We spent all day on the 4th of July securing a coveted spot along the bank of the Charles River in preparation for the evening fireworks and Boston Pops concert. This year, a Colonial co-worker and his family joined us for the festivities.

We spent one hot day at the beach in Hampton Beach, New Hampshire. The beach had glistening, white sand and some nice waves. Joshua rode one of those pesky waves right over a rock hidden in the water. He scraped his belly pretty good. Fortunately, his stomach was not sunburned, so it did not hurt too badly. On the way home from the beach, we stopped for a couple of fresh lobsters. When we got home, Justin volunteered to drop the lobsters into a pot of boiling water. Justin didn't eat any, but he enjoyed cooking them.

We went to Riverside Park on another day in July. Riverside is similar to Six Flags, but not quite as nice. It was a beautiful day, but just a tad chilly for the water attractions. The park has two sections. The first section contains the typical theme park rides like roller coasters, log ride, etc. The second section is the water park with a wave pool, chutes, etc. The best ride in the water park section was the Swiss Family tube ride - where we all went down this long twisting chute on a single, large inner tube. The best ride of all was the Mind Eraser roller coaster. We went on this coaster three times.

On another day, Grandma and Grandpa went with us down to Plymouth to see the spot where the Pilgrims landed in 1690. We saw Plymouth Rock and a replica of the Mayflower which actually sailed across the Atlantic to Plymouth.

After Grandma and Grandpa left for home, we headed to New York for a few days. We figured that if we do indeed have to relocate again, this may be our last chance to see the East Coast for a while.

It only took us about 3 ½ hours to drive to NY. The drive was pleasant and the roads were not too crowded. It was even easy getting to our hotel in Midtown Manhattan. We decided to stay in town because it was so convenient. We stayed one block away from the Empire State Building on 42 West and 35th Street.

As soon as we checked in and unpacked, we walked up to Times Square and got some brochures and booked some tickets to Cats. We then ate lunch at Planet Hollywood. Later, we went up to the 86th floor of the Empire State Building for a view of the skyline. It was a clear night and the view was excellent. We waited for the sun to set, and were able to get some beautiful sunset pictures of the city from the top of the building. We had a great NY cheese and sausage pizza for dinner.

The next day, we toured the Statue of Liberty. Unfortunately, we were not allowed to climb up to the crown. During the summer months, tourists are only allowed to climb up to the crown during the first tour in the morning. I guess a 22 story climb (340+ steps), can be hazardous in the heat of the day, especially since there is no air conditioning in the stairwell. However, we did ascend to the base of the statue and experienced some nice views of the city from Liberty Island. After returning to shore, we bought lunch from a hot dog vendor and then proceeded to the World Trade Center.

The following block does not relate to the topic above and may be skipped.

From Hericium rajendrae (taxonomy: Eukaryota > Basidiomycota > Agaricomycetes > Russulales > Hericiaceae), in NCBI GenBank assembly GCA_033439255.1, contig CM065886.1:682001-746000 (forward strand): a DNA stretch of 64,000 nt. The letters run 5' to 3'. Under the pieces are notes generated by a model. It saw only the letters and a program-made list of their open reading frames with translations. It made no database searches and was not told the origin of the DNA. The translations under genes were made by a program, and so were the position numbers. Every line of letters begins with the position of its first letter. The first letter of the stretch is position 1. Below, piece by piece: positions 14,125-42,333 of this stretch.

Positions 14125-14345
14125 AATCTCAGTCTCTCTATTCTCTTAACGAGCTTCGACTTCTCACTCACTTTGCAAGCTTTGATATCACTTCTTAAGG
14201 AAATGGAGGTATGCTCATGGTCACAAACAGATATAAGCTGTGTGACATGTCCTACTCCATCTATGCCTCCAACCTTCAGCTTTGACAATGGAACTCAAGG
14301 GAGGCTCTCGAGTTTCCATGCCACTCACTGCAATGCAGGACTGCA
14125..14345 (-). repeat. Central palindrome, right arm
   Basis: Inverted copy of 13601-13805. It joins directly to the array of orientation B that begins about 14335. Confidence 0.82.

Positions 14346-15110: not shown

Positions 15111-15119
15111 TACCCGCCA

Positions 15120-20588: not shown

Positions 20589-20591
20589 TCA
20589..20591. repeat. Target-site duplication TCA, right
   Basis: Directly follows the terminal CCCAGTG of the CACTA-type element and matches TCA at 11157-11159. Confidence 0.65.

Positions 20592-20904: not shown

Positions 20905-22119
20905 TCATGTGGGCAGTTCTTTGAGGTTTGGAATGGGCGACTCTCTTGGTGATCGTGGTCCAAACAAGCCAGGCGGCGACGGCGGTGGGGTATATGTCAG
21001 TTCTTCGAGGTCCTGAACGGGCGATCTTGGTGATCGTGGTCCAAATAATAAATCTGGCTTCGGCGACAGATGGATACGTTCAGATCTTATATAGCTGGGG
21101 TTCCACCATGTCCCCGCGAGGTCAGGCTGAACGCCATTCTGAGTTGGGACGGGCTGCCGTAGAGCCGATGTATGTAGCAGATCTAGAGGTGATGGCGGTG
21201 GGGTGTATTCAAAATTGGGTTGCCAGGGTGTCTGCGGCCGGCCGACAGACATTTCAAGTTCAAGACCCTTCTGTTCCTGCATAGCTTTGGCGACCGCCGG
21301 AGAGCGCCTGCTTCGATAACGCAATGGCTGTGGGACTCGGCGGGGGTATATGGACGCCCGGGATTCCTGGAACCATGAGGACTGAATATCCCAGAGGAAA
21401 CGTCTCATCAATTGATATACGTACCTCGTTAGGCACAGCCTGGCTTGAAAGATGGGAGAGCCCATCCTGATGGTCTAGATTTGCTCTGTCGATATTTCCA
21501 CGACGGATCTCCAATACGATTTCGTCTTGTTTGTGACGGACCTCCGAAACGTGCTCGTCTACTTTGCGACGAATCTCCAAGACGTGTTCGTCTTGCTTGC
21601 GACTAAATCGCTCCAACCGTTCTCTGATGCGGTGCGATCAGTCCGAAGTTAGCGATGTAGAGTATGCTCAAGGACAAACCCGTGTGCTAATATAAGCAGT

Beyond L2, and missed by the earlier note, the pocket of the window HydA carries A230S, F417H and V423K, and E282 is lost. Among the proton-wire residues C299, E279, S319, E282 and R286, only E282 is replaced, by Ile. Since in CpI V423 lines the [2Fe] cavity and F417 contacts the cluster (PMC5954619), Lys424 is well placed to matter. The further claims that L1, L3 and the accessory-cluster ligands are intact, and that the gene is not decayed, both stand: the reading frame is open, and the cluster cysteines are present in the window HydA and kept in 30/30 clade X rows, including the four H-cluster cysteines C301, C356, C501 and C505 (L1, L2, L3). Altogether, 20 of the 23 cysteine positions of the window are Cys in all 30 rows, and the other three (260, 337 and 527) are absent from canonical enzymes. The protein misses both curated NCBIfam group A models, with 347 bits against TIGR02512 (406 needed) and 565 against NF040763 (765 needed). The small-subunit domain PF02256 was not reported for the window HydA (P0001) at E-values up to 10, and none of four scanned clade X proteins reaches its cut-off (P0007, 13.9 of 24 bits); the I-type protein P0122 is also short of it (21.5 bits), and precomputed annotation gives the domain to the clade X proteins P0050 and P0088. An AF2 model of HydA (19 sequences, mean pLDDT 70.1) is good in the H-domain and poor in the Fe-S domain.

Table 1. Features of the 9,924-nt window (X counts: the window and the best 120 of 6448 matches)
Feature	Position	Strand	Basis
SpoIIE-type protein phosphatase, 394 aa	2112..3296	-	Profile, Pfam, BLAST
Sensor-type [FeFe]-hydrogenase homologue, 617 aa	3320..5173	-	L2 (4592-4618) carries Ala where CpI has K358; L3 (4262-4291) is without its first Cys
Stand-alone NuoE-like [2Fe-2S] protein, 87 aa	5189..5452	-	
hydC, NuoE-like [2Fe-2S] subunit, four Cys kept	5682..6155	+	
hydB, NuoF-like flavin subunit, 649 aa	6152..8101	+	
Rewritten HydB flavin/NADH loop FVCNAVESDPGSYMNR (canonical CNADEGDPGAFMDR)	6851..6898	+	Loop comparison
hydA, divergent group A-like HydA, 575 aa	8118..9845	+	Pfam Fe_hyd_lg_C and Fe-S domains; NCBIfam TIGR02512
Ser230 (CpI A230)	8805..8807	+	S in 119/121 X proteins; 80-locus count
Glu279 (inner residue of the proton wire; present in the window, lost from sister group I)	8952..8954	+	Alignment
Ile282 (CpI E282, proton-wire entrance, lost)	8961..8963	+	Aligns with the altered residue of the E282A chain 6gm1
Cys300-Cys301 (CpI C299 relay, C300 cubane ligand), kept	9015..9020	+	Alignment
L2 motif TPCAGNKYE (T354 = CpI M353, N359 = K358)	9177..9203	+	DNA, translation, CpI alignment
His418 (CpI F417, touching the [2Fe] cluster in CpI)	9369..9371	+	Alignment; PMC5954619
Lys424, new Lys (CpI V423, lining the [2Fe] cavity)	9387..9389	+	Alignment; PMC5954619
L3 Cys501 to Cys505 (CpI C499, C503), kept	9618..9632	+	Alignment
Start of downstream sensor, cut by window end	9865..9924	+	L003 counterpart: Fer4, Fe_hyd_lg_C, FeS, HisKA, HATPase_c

We took the elevator to the 110th floor of the World Trade Center and took some great camera shots from the tower.

We had dinner in Little Italy at a place called La Mela. It was true authentic Italian. As soon as we were seated, the waiter brought us a bottle of sparkling water and bottles of red and white wine. We then had appetizers of cheese and asparagus, stuffed mushrooms, bread, tomatoes and cheese, cooked red peppers, and black olives. For the main course, we had three types of pasta. There was more food than even two growing boys and two adults could eat – we were stuffed. It was the best Italian meal I ever had.

On our last full day in the city, we would happen to be in just the right place at just the right time. We heard that the woman’s World Cup Soccer Team would be in town that day. So, the first item on our agenda was to determine if we could see them. We went uptown to Niketown at Trump Towers. We waited for about an hour as the press and a small crowd of about 500 people assembled. The police put up barricades, and we were able to secure a prime spot at the corner of one of them. This location gave us the perfect line of sight as the Team emerged from the store. Donald Trump said a few words and the Team was introduced. The Team signed a few soccer balls and kicked them out into the audience. We came very close to catching one of the balls, but missed. Fortunately, the Team kicked out a number of other unsigned balls and Joshua was able to snare one of these. He almost broke his ankle in the process, but it was worth it. As the Team left, I was able to get high fives from most of them, including Mia and Brandi. Later in the afternoon, we took the subway to Greenwich Village in Washington Square Park. We had dinner at Manhattan Chile Co. which was located next to the Ed Sullivan (David Letterman) Theatre. After dinner we went to the Broadway musical Cats, at the Winter Garden Theatre. After the theater, Justin and Joshua walked the dark streets of New York, by themselves, to pick up another pizza. Yes, they returned alive.